Publicist Anne Wrinkle
PUBLICIST ANNE WRINKLE
When journalists need to know what’s going on at SITE Santa Fe, they call Anne Wrinkle. She has all the information on upcoming exhibitions and events, or knows where to get it. If a newspaper needs images, Wrinkle finds them. She also coordinates interviews and provides supplemental materials like books or films. If she’s scrambling, though, you’d never know it. As SITE’s director of external affairs, Wrinkle’s style is to make the process appear seamless.
“You should see me pushing the buttons of the staff around here,” she said. “How many pieces are in the show? Who did what, where, when, and how? Why is this significant and why is it being done here, now? How is it different from or similar to other things that we did 15 years ago? I take that and break it down, make it more accessible. Sometimes I have to ask questions before the staff knows the answers, but setting all this up well makes it easier for people to do their jobs.”
SITE Santa Fe, a noncollecting contemporary art space, opened in an old beer warehouse in the Railyard District in 1995 with its first international biennial. Wrinkle joined the staff in 2001, after working in a similar capacity at The Drawing Center in New York City. At first, she wasn’t sure she wanted to leave Manhattan for the Southwest. “I’d become so provincial, so tunnel-visioned. I could only imagine working in New York.”
When she landed in Albuquerque for the first time, she expected to see major billboards in the airport because, as she put it, “I thought SITE was the biggest game in town.” It would take a few more years for the contemporary art space to find its niche in a market known for Native art, Southwestern landscapes, and cowboy kitsch. (There is now a billboard for SITE on Interstate 25.)
Wrinkle is originally from Birmingham, Alabama. She moved to New York in the 1980s to earn a master’s degree in art history from Hunter College. She was planning to become a curator and to that end, she interned at the Museum of Modern Art and the Whitney Museum of American Art. But she began to view the career path as a “long slog” in which there was never enough funding or resources. She took a position with a creative marketing firm that had both corporate and nonprofit clients and realized “how fast you could get things done when you actually had a budget.”
She found that she enjoyed translating the messages of art exhibitions for the general public, as well as seeing firsthand the impact of fundraising in the art world, which can attract attention to worthy causes like environmentalism and medical research. Her art history education has been key to her success because press coverage of the art world can run the gamut from major critical outlets like ARTnews and Artforum to the travel section of the Dallas Morning News. Some journalists are not versed in aesthetics or art-speak, and they need — and appreciate — Wrinkle’s ability to guide them.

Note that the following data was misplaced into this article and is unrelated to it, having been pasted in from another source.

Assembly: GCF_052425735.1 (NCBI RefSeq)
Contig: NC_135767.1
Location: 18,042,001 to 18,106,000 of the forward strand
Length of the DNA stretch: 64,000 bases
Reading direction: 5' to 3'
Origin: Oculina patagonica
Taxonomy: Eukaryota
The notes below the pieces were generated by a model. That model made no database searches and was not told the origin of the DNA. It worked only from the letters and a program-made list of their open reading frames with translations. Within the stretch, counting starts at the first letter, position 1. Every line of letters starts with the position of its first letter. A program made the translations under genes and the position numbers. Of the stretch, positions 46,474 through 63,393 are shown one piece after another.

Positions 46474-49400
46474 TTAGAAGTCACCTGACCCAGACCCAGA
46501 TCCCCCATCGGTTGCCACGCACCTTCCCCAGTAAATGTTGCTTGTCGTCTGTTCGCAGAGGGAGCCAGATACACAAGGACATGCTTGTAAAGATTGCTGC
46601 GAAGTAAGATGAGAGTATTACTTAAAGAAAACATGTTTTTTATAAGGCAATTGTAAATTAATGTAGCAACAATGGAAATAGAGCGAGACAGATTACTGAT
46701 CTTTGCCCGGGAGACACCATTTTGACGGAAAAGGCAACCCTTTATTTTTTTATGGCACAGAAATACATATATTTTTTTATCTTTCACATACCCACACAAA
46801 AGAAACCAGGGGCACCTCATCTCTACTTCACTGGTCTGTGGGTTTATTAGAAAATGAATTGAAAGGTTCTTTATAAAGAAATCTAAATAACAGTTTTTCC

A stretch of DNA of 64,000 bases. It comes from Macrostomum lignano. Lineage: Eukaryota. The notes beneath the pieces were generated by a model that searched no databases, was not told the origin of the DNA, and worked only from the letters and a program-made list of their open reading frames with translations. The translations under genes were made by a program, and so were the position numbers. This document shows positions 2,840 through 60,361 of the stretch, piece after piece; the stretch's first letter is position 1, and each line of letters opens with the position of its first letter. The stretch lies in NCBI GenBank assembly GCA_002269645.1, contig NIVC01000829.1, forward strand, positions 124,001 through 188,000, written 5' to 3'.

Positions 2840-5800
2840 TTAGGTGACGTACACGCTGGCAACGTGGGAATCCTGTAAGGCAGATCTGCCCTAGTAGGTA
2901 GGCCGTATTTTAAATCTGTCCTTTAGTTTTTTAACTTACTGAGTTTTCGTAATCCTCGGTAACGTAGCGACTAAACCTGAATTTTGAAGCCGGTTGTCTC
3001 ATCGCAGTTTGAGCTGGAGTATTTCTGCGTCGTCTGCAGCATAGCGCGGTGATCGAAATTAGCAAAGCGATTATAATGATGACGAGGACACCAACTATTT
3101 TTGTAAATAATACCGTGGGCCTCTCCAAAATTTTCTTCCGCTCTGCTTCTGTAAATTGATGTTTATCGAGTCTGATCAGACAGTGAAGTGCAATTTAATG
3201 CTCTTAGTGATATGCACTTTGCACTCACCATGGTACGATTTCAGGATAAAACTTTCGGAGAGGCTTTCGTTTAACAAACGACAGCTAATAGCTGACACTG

“There are plenty of curators,” she said. “This was a better challenge and fit for me.”
Media relations is just part of what Wrinkle does at SITE. She is in charge of overall communications, overseeing graphic design, and managing the website and social media. “E-blasts, printed pieces like newsletters, invitations for events. Signage, wall labels. And external affairs — partnerships in the community,” she explained. The last two years have been especially busy. In November 2017, the museum reopened after an extensive renovation and expansion, with the Future Shock exhibition and a gala. The 2018 biennial, SITElines: Casa tomada, opened in August. Wrinkle coordinated marketing and public relations efforts through a New York-based firm, Blue Medium, to attract national and international attention to both events.
“We had the opportunity to hire a larger resource, because we are basically in the hinterlands,” she said.
Blue Medium works with SITE on their larger projects to strategize the timing of announcements, such as releasing a list of curators for the biennial, and later, the theme, title, and names of some key artists. This high-level help is expensive, however, and at the beginning of 2019, Wrinkle said, the SITE staff is in belt-tightening mode. But money isn’t everything: Wrinkle knows from experience that media relations is really a game of perseverance.
“If you have great exhibitions and you get the word out to the right people in the right amount of time, you get the recognition,” she said of notice in highprofile media like The New Yorker and The New York Times. “It doesn’t always work, but you keep at it . ... That’s the trick.” — Jennifer Levin
“If you have great exhibitions and you get the word out to the right people in the right amount of time, you get the recognition.”
Anne Wrinkle outside SITE Santa Fe, photo Gabriela Campos/The New Mexican